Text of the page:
The head of Iran’s Astronautics Research Institute (ARI), Fathollah Ommi, has stated that Iran is “conducting research to send a man to space,” with the intent to be able to act on this research within eight years. Iran’s human spaceflight programme has had a series of fits and starts, most recently canceling a project to launch a human-carrying rocket earlier this year. This most recent pause in the programme’s development was because the project was judged to be too expensive in statements by Mohammad Homayoun Sadr, the deputy head of the Iran Space Agency (ISA).
Ommi emphasized the nascent nature of the restarted programme, stating “the preliminary measures to send a human to space are underway and the project is to be carried out in two suborbital and orbital phases.” Additionally, there is a possibility that robots or other live creatures will be sent ahead of human test subjects under the current programme. Ommi also alluded to collaboration with Moscow on the programme, referencing “preliminary talks with Russia’s main space company.” Though not corroborated by Russian officials, this collaboration would be an interesting departure from more recent moves by Tehran to diversify their country business partners.
Previously, Iran’s human spaceflight programme successfully launched a mouse, a turtle, and worms before its historic launch of two monkeys in 2013. Then-President Mahmoud Ahmadinejad offered to be the first Iranian put into space after Pishgam’s – the second of the monkeys – successful flight. Ahmadinejad’s term ended shortly after his declaration, however, and the programme under the current President Hassan Rouhani, as previously stated, was stayed as a result of cost.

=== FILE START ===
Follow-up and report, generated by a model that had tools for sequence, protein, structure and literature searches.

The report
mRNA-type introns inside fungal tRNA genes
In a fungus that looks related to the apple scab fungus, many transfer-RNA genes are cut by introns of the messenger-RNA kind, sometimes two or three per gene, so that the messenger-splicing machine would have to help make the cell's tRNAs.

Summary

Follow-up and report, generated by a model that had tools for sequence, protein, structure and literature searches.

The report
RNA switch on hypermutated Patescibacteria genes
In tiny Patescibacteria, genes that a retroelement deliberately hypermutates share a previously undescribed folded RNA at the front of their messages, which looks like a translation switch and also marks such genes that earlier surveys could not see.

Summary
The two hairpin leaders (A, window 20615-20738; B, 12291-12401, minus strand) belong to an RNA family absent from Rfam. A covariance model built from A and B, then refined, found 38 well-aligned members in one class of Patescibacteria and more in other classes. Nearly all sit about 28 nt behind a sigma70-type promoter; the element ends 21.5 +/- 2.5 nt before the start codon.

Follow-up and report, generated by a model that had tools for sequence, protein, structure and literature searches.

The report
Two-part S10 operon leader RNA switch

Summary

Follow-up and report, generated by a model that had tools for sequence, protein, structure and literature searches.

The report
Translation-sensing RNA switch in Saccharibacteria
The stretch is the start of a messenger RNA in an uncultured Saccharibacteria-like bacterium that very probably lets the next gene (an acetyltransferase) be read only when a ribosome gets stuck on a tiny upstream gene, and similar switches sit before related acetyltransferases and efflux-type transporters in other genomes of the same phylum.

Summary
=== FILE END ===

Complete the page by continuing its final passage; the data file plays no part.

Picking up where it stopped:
The announcement of the programme’s reopening comes close on the heels of Iran’s July 2017 test of the Simorgh space launch vehicle (SLV), which is designed to launch large-scale satellites. It is clear from this pattern of behaviour that Iran has already begun to invest strategically in its space programme and will continue to do so in the future. It has been asserted by Iranian analysts in the wake of these activities that because Iran has been restricted in its ability to develop its nuclear programme it has redirected those efforts to its space activities. Analysts also assert that as the United States and other Western nations inhibit Iranian activities, technological prowess becomes increasingly important to its projection of sovereignty and power in the Middle East.
Written by Natalie Fuchs, who covers Iranian space, science, and technology issues for SpaceWatch Middle East.